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After massacre, Walmart pulls violent video game displays. Firearms remain on sale.

The retailer instructed employees in an internal memo to remove any marketing material and turn off or unplug video game consoles that show violent games.
An employee scans items at a Walmart Inc. store in Burbank, Californi
An employee scans items for sale at a Walmart store in Burbank, California, on Nov. 19, 2018.Patrick T. Fallon / Bloomberg via Getty Images file

Walmart is pulling violent video game displays from its stores in the wake of last weekend’s deadly shooting at one of its El Paso stores that killed at 22 people — but has also confirmed it still has no plans to stop selling firearms or ammunition.

The electronics section of Walmart stores have traditionally featured video game displays that feature sometimes-violent games. Walmart said that the company has provided guidance for its store managers to remove the displays because some shoppers could mistake the sounds created by the games for actual gunshots.

“We’ve taken this action out of respect for the incidents of the past week, and this action does not reflect a long-term change in our video game assortment,” Walmart spokesperson Tara House said.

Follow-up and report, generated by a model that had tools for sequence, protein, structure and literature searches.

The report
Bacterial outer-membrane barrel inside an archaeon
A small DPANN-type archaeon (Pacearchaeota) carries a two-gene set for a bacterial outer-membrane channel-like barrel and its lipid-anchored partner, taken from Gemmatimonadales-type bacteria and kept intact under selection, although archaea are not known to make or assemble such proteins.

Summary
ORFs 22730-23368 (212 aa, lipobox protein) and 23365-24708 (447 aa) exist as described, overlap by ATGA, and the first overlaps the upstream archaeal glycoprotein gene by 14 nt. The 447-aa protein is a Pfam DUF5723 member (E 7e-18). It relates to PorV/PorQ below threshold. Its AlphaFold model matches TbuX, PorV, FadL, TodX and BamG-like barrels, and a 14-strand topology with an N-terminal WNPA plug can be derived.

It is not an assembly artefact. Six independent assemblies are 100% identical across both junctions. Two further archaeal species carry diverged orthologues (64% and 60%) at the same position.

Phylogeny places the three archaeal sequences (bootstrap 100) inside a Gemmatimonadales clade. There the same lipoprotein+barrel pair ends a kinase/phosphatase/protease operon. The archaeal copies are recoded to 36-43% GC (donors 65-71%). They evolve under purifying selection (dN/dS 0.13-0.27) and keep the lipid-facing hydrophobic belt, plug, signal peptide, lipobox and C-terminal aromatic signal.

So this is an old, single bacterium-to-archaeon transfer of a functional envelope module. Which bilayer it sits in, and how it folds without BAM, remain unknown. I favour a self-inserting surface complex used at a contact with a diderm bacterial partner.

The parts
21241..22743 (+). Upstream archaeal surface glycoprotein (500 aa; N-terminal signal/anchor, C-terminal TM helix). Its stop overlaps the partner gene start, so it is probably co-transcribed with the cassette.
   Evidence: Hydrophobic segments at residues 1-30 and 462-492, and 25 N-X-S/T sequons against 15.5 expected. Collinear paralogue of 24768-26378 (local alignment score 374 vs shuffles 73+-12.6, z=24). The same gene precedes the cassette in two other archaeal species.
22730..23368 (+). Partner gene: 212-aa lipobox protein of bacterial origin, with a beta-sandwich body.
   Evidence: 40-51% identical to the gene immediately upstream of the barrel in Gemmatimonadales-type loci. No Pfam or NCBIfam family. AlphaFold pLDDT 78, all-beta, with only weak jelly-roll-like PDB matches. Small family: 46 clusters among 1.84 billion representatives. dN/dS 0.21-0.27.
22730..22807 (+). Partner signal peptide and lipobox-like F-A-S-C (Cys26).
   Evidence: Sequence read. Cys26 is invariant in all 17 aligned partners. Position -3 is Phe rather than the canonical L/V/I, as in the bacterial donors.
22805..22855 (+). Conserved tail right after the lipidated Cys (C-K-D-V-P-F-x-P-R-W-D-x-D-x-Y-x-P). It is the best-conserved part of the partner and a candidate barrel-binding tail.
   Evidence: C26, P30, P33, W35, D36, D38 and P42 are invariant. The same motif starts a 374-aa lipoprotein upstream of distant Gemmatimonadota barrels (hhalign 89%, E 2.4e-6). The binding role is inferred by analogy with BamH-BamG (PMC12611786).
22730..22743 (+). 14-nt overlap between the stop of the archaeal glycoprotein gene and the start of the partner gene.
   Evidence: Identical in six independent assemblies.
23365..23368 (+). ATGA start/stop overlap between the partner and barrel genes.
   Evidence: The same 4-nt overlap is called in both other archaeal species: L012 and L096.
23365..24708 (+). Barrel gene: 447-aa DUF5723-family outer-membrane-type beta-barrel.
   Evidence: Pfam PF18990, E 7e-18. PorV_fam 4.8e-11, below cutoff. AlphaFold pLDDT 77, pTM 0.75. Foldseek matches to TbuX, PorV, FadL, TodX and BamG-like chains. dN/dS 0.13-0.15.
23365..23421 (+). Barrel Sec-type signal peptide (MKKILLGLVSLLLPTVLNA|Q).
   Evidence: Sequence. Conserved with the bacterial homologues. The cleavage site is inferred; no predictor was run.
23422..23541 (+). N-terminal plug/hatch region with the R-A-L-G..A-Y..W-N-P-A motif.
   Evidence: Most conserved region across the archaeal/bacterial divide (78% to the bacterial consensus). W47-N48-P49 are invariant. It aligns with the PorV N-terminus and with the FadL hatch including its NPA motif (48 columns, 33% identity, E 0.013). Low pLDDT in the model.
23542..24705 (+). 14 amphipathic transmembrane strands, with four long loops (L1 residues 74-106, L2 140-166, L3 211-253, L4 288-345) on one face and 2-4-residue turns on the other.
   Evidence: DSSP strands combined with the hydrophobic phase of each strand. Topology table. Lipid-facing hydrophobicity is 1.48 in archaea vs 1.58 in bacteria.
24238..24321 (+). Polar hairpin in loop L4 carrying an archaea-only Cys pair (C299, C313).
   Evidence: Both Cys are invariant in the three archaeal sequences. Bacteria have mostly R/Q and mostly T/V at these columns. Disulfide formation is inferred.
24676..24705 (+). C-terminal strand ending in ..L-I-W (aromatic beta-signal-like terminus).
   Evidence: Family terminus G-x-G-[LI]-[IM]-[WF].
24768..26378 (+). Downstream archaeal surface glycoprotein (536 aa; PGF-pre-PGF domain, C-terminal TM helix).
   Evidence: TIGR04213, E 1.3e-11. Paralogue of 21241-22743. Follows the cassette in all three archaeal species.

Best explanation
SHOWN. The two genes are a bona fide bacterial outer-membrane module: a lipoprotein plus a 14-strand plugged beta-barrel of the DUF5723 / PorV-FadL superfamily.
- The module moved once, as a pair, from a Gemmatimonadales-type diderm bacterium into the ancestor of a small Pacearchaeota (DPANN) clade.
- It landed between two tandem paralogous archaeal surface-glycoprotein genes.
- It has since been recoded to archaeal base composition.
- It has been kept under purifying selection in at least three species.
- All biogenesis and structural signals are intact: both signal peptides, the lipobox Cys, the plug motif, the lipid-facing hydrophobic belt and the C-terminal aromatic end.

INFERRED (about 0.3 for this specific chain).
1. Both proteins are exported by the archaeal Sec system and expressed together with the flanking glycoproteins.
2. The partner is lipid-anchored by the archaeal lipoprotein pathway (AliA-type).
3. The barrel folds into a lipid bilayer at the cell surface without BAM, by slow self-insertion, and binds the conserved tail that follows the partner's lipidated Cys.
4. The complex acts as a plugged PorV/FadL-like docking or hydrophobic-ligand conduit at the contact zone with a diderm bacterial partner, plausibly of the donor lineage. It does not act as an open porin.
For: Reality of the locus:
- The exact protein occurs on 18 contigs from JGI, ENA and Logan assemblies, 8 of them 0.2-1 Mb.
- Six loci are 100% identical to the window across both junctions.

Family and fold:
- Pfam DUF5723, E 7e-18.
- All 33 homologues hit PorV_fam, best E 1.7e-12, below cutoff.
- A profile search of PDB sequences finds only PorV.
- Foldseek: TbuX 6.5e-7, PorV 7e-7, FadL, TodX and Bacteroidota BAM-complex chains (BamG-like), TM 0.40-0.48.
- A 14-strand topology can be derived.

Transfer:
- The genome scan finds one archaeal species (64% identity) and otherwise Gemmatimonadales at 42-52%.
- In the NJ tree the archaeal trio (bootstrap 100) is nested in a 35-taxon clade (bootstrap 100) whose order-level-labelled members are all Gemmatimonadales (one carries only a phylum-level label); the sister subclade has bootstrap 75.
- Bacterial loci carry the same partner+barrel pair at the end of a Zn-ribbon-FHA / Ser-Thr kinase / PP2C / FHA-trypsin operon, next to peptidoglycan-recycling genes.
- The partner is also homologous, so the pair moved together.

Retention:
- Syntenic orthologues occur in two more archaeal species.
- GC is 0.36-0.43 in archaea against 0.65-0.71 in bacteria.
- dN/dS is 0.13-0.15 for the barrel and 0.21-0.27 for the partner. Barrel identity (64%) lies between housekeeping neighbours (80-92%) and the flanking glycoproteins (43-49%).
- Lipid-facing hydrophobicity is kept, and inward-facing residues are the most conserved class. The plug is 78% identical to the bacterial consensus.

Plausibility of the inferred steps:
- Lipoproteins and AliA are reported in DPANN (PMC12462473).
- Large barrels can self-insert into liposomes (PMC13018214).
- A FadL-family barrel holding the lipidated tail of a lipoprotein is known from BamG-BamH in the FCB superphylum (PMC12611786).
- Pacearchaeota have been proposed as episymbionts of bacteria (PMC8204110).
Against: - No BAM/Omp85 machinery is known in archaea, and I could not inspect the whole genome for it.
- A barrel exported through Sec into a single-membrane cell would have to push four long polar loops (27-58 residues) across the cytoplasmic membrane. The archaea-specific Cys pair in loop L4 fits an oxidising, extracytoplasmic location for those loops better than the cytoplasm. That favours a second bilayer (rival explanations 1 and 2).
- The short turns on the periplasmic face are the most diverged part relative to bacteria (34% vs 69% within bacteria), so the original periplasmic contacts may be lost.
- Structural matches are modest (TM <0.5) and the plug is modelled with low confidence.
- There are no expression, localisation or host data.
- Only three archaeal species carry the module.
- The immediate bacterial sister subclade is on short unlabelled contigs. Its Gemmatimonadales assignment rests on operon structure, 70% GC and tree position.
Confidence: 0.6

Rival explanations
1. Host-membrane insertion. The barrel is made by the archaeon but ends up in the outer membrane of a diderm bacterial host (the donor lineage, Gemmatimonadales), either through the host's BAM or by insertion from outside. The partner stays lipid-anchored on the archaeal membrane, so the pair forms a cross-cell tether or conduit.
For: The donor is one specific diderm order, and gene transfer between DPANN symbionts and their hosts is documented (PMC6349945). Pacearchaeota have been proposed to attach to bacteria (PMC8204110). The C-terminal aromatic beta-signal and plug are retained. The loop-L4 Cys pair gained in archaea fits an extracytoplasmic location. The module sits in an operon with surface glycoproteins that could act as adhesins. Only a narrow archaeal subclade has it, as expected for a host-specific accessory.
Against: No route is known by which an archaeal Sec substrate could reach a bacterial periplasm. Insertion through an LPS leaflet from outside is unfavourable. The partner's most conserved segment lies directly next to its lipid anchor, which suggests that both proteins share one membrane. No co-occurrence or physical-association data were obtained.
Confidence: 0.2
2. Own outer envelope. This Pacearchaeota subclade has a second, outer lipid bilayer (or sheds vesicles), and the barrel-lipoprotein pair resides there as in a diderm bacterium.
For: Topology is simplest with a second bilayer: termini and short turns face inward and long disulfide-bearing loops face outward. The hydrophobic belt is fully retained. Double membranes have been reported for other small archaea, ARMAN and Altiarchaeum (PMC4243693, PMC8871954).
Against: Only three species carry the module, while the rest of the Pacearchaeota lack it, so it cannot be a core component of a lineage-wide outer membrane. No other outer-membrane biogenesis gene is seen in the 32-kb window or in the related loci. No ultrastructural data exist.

Walmart spokesperson Randy Hargrove said the move is a temporary one and stores will be evaluating whether the displays will eventually return.

The retailer instructed employees in an internal memo to remove any marketing material, turn off or unplug video game consoles that show violent games — specifically Xbox and PlayStation consoles, and to monitor and turn off any violence depicted on screens in its electronics departments.

According to the memo, employees were also ordered to turn off hunting season videos in the sporting goods department where guns are sold.

Under the heading: "Immediate Action," employees were instructed to "Review your store for any signing or displays that contain violent images or aggressive behavior. Remove from the sales floor or turn off these items immediately."

The company's policy on sales of video games that depict violence has not changed, nor has its policy on gun sales.

The internal decision to take down the video game displays comes shortly after incidents in Walmart stores this week that renewed concerns about the safety of its customers.

A day after the El Paso shooting, a man was arrested in Florida after threatening to attack a Walmart in Gibsonton, a suburb of Tampa. On Thursday, a man with a loaded rifle and 100 rounds of ammunition walked into a Walmart in Springfield, Missouri. Walmart store associates worked to evacuate the store while the man was detained by an armed off-duty firefighter and arrested by the police.

Walmart has been fielding a deluge of calls this week, demanding that the store discontinue its sales of firearms and ammunition in the wake of the deadly shooting in one of its own stores.

Following the mass shooting at Marjory Stoneman Douglas High School in Parkland, Florida, Walmart banned sales of firearms and ammunition to people younger than 21. It had stopped selling AR-15s and other semi-automatic weapons in 2015, citing weak sales.